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2018 General Meetings & Special Events

CAS Monthly Meetings and Astronomical Programs are held the Saturday closest to the Full Moon at the Mars Hill Campus of Lowell Observatory, Hendricks Center for Planetary Studies Auditorium (6:45 pm - 8:00 pm., unless otherwise noted) followed by refreshments, and informal discussion. Meetings are open free to the public.

Saturday, January 27, 2018

Dr. Jennifer Hanley, Lowell Observatory

Title: “Liquid Stability Across the Solar System”

When identifying potential life elsewhere in the Solar System, liquids are a key ingredient. Water is proposed to be present on Mars and the subsurface of Europa, while Titan has seas of hydrocarbons. Dr. Hanley will discuss the recent identification of hydrated salts in Recurring Slope Lineae, indicating flowing liquid water on the surface of Mars today, and present results from laboratory experiments and how they relate to observations from current and past missions to Mars, Europa and Titan.

Saturday, February 24, 2018

Dr. Tyler Robinson, NAU

Title: “Weird Worlds and the Hunt for Life Beyond Earth”

Astronomers now know of thousands of worlds orbiting other stars in our Galaxy. These so-called “exoplanets” are surprisingly diverse, spanning giant planets with super-heated atmospheres to small rocky worlds with rock vapor in their air. These findings are leading up to the discovery we all wait for – another planet like our own!

Saturday, March 31, 2018

Dr. Diedra Hunter, Lowell Observatory

Title: “Extended Stellar Disks of Dwarf Irregular Galaxies”

Outer disks of dwarf irregular galaxies are extreme environments at the lowest observable limit for star formation. Yet the stars that are present often have near perfect exponential profiles, suggesting an ability to organize into a standard disk which no current models can explain. Dr. Hunter will discuss ultra-deep imaging of the outer disks of dwarf irregular galaxies and what it reveals about the nature and mysteries of the extreme outer parts of tiny galaxies.

Saturday, April 28, 2018

Dr. Cristina Thomas, NAU

Title: “The Exciting Future of Asteroid Science”

Future new observations will add to our understanding of the small rocky bodies in our Solar System. The OSIRIS-REx spacecraft will visit near-Earth asteroid Bennu in mid-2018 to study its surface before returning a sample to Earth. The James Webb Space Telescope will launch in 2019 with a suite of instruments that will further our understanding of the compositions of asteroids. With the recent discovery of the first interstellar object, we look forward to what can be learned about planetary systems other than our own.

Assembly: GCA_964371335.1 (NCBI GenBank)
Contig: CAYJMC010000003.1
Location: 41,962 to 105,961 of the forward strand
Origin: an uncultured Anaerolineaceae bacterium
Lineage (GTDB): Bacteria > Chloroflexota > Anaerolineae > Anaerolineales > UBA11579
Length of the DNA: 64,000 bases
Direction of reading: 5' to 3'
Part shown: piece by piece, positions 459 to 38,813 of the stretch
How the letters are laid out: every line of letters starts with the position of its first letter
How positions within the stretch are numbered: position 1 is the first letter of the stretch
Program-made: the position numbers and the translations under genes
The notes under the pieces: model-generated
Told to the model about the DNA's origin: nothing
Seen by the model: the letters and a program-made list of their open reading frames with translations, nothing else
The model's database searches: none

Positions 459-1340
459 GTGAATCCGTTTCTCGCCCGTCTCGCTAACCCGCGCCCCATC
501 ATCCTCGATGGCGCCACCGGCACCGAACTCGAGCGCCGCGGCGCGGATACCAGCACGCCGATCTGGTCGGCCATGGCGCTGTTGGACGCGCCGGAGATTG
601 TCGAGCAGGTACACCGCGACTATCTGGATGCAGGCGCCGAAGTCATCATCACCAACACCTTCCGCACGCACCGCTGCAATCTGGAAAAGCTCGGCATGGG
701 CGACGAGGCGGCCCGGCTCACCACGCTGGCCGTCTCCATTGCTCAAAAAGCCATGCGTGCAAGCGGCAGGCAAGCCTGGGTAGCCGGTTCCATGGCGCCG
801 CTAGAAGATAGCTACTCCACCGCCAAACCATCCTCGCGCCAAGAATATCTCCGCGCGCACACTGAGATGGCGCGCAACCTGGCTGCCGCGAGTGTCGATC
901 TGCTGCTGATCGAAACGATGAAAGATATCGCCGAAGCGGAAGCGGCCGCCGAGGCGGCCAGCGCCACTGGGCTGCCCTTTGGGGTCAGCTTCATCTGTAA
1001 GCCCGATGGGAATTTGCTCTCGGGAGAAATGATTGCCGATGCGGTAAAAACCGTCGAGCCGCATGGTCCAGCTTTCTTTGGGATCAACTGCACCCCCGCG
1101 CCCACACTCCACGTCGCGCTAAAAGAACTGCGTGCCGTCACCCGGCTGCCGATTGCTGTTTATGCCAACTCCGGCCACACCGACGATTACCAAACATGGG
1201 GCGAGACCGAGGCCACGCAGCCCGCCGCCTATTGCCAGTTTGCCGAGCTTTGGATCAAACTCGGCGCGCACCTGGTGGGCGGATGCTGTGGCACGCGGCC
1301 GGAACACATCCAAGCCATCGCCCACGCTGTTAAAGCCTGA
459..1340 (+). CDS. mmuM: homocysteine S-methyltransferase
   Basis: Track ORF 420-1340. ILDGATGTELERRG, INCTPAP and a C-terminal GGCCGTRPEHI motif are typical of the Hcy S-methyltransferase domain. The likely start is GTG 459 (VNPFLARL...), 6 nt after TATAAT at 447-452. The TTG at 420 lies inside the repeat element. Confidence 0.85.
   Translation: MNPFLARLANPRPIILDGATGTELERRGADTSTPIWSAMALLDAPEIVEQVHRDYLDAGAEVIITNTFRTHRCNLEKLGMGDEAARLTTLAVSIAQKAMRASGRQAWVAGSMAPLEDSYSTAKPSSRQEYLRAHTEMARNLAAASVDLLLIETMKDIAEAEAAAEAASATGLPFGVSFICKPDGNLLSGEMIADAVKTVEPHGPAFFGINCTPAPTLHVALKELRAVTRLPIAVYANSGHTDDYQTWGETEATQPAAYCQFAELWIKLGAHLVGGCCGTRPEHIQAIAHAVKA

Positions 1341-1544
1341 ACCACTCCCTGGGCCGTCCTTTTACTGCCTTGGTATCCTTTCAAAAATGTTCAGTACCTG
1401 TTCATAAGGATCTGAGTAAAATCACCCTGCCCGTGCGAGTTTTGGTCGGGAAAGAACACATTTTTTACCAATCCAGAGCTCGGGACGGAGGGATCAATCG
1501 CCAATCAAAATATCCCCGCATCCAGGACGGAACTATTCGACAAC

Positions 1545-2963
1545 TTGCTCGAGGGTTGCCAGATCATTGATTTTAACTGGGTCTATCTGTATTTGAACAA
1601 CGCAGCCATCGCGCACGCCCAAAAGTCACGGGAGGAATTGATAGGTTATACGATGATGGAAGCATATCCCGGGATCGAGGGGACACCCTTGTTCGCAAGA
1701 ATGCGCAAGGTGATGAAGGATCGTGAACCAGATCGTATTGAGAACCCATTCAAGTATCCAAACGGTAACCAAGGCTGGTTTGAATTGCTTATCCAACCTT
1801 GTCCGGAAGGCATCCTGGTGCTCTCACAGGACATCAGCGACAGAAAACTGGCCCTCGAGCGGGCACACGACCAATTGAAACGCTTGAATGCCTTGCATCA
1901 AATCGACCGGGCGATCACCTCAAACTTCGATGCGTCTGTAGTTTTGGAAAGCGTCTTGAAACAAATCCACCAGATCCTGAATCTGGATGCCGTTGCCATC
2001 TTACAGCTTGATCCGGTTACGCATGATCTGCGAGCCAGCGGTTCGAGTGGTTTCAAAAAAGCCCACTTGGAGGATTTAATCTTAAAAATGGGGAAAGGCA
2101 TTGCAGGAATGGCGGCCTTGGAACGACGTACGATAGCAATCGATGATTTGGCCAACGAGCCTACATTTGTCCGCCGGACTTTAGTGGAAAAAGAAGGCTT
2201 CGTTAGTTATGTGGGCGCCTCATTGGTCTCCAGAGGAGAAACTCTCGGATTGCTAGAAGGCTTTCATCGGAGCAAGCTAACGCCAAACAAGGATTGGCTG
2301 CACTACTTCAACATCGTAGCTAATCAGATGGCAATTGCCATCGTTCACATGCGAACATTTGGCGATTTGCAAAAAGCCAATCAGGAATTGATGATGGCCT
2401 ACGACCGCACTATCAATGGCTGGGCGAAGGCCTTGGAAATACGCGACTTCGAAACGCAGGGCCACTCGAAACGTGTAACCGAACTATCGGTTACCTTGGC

Saturday, May 26, 2018

Dr. Dale Gary, NJ Institute of Technology

Title: “Multi-Frequency Radio Imaging of the Sun”

A new radio facility, the Expanded Owens Valley Solar Array (EOVSA) began operating in early 2017, providing a panoramic view of the radio Sun over a wide range of radio frequencies. Highlights of these images, including sunspot regions, solar flares, and the science behind them will be discussed. A radio movie of the solar eclipse obtained with EOVSA, will show the covering of sunspot regions as the Moon transits the Sun. Other eclipse observations compare the VLA with those of EOVSA, creating a 3-D solar view.

Saturday, June 9, 2018

Dave & Kris Frisk’s Observatory, Williams

Title: Annual CAS Picnic and Observing Meeting

Open to CAS membership and invited friends – Time: 6:00 pm

Saturday, July 28, 2018

Dr. Klaus Brasch, CAS

Title: “Life in the Cosmos: when, where and how?”

The origin of life is a major unanswered issue in science. The question is as old as humanity, and explanations have ranged from special creation, to bio-chemistry, to propagation across the Universe by natural forces and even deliberate transmission by technologically advanced civilizations. The discovery of potentially habitable exoplanets and the possibility of life elsewhere in the solar system has renewed the focus on this question. We review some of the key issues involved and the notion that the viable transfer of organisms between planets and beyond may have played a role.

Saturday, August 25, 2018

Dr. Julie Webster, Director: Cassini Mission

Title: “The Cassini Mission at Saturn”

The Cassini spacecraft, the largest outer planetary vehicle built by NASA, was launched Oct. 15, 1997. To reach Saturn, it needed almost seven years and four gravity assists from Venus, Earth and Jupiter. The first spacecraft to orbit Saturn, Cassini mapped Saturn1s magnetosphere, discovered previously unknown moons, found at least two moons that might be habitable for life, and studied Saturn1s atmosphere and rings. It made its Grand Finale on Sept. 15, 2017, plunging into Saturn1s atmosphere. Dr. Webster will describe the 20 year mission, and the science that will be analyzed for generations.

Saturday, September 22, 2018

Dr. Chadwick A. Trujillo, NAU

Title: “The Search for an Undiscovered Giant Planet in our Solar System”